Adam and Doctor Jones speak from the door. The Nurse checks on Sharon. The HEART MONITOR’s BEEPS drown out the whispered conversation. Adam is distraught at what Doctor Jones is telling him. His reaction bounces from sadness to anger. The monitor keeps beeping, turning into–

EXT. CITY STREET – EVENING

HONKING. There’s traffic. Lilith walks in the shadows on the sidewalk. A large digital screen used for advertising catches Lilith’s attention. On the screen, a woman models a product. The superficiality of it is the alluring part. The model’s vapid smile and blank eyes grow more and more uncomfortable to look at. Lilith grows slightly distressed.

A laughing group of YOUNG WOMEN draws her attention away. They’re carefree, lively, and raw. She watches as they lineup to enter a club. The BOUNCER points his scanner at each of them as an ID check. GREEN lasers cover each of them. On the scanner’s screen the Bouncer gets all of their information. He nods at them. They disappear inside.

Lilith follows.

EXT. CLUB ENTRANCE

Lilith stands behind two men as they get ID’d. It’s her turn. She awkwardly steps forward. The Bouncer points his scanner at her. GREEN lasers cover her face.

The scanner gets messed up. The Bouncer slaps it a few times.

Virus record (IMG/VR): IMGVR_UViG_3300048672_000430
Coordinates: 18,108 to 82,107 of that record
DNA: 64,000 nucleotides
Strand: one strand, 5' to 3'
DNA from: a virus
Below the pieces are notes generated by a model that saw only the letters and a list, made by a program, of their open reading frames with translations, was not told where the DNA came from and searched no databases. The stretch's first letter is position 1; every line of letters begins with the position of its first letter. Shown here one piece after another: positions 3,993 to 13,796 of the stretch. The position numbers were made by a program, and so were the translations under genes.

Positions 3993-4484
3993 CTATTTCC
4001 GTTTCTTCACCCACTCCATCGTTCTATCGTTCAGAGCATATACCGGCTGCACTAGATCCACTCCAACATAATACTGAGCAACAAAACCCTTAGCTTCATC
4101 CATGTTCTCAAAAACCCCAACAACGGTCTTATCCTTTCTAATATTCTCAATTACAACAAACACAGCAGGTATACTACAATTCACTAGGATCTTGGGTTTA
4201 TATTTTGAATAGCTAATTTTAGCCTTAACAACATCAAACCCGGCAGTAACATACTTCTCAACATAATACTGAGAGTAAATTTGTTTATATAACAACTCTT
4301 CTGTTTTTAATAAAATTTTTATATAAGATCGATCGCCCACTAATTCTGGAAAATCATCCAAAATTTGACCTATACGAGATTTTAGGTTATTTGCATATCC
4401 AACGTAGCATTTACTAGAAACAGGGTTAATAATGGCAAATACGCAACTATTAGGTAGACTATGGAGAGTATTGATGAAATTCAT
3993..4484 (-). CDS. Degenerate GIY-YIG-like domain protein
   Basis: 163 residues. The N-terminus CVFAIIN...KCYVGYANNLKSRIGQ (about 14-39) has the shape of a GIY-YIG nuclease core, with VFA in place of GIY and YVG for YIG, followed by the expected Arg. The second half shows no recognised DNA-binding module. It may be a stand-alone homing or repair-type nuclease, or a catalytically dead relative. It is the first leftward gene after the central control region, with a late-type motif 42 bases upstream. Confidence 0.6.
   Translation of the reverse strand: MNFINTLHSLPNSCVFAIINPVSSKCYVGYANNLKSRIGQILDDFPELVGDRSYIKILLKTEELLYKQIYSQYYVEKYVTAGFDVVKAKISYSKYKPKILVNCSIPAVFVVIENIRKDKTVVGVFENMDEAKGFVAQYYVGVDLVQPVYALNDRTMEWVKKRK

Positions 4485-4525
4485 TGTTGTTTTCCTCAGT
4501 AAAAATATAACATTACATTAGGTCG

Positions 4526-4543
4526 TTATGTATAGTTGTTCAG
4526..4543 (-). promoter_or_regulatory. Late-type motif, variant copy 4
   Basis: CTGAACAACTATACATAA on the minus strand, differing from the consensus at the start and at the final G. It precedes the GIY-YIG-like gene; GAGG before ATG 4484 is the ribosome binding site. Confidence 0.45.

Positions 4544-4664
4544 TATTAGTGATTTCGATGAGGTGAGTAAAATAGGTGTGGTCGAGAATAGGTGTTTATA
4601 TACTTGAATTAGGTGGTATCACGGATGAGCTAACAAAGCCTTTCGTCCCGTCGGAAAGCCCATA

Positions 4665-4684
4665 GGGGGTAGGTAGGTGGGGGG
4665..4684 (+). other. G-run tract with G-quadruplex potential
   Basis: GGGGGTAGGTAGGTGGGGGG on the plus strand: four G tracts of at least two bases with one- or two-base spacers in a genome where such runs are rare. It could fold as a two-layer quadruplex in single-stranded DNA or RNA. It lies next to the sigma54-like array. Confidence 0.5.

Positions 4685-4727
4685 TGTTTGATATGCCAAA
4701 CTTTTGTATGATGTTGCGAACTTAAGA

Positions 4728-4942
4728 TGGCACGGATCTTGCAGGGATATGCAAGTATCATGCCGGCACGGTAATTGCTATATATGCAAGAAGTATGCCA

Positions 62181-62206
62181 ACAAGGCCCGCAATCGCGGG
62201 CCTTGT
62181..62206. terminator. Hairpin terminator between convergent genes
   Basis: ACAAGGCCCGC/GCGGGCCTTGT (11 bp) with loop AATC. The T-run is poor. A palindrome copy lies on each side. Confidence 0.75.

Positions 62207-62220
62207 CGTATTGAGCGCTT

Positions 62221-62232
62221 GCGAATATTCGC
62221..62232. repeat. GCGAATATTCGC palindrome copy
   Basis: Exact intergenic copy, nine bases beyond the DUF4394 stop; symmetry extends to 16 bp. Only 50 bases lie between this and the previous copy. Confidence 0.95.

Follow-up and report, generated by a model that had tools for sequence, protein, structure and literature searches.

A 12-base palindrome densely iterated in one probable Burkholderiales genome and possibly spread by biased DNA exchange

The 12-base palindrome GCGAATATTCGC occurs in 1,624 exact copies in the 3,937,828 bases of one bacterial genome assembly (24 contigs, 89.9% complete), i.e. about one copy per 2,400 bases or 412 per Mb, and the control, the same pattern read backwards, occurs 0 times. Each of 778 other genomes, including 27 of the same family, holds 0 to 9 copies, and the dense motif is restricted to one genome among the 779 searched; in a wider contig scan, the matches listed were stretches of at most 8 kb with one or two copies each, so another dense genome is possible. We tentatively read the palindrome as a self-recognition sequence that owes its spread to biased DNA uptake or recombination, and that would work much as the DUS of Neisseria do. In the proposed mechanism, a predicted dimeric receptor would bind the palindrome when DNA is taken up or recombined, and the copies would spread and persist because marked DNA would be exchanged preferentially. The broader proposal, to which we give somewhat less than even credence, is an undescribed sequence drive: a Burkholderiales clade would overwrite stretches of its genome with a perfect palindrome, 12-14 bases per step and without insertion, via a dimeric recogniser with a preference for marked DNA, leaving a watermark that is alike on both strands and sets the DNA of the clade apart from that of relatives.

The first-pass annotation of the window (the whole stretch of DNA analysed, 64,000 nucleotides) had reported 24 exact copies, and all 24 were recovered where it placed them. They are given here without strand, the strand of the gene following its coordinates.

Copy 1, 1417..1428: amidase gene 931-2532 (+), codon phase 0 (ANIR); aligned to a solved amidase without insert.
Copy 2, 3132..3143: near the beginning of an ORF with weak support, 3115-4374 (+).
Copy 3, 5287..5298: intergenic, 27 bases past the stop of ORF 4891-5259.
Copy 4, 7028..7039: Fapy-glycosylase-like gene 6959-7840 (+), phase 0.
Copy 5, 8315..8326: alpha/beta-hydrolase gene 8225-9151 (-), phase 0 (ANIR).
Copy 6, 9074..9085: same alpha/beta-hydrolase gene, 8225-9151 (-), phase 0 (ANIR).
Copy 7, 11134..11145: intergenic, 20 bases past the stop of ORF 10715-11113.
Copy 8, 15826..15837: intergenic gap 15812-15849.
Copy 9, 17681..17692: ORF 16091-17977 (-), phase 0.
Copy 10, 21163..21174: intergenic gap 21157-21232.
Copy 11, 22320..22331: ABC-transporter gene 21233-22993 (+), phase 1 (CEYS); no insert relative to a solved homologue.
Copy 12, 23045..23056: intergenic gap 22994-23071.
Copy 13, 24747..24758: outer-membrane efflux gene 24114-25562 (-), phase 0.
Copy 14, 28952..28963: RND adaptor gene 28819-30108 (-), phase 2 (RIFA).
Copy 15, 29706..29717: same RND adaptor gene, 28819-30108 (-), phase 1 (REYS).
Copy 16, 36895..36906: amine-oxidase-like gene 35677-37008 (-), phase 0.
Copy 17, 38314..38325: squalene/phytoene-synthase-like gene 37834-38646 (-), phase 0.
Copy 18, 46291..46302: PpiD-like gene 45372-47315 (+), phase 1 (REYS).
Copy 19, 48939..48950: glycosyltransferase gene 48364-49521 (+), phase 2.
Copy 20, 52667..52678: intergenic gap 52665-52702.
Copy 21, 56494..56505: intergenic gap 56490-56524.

BOUNCER
Otra vez. Piece of shit. This shit was supposed to make things easier. Look at this shit. Just fuckin’ go in. I don’t even care.

The Bouncer opens the door for her.


CONTINUED: 6


INT. CLUB

Lilith walks into the dimly lit club. Multi-colored lights bounce around the place.

BOUNCER(OS)
Let them fuckin’ fire me. I don’t give a fuck. Yeah, ya’ll, too. Just go the fuck in.

The Bouncer is drowned out by the loud MUSIC. As Lilith moves through the crowd, everything seems to slow down. She’s consumed by the loss of civility; by the joyous regression into base desires. People move around her, twisting, writhing, pressed against each other. It’s hypnotizing, disturbing, alluring, and maddening. It’s a beautiful nightmare. She notices that some of the dancers have cybernetic enhancements.

Lilith manages to escape the crowd and walk to the bar. She balances herself on the counter and looks back, in need, like someone who felt disturbed by their first drug trip, yet yearns for the experience again. She’s noticed by JAY SANTOS, 23,a wide-eyed, but directionless young woman. Jay takes a sip of her drink as she checks out Lilith. A beat as she decides what to do.

JAY
Hey.

Lilith turns to her. A pause.

LILITH
Hello.

JAY
Jay. You?

LILITH
Your name is Jay?

Jay pauses. Laughs.

JAY
Yeah, sorry. What’s your name?

LILITH
Lilith.

JAY
Lilith. I like that. Can I get you a drink?

Lilith pauses. She looks at Jay’s glass.


CONTINUED: 7


LILITH
What are you drinking?

JAY
Oh, I’m not even sure. I let my friend order for me.

LILITH
It’s liquor? Could I try it?

JAY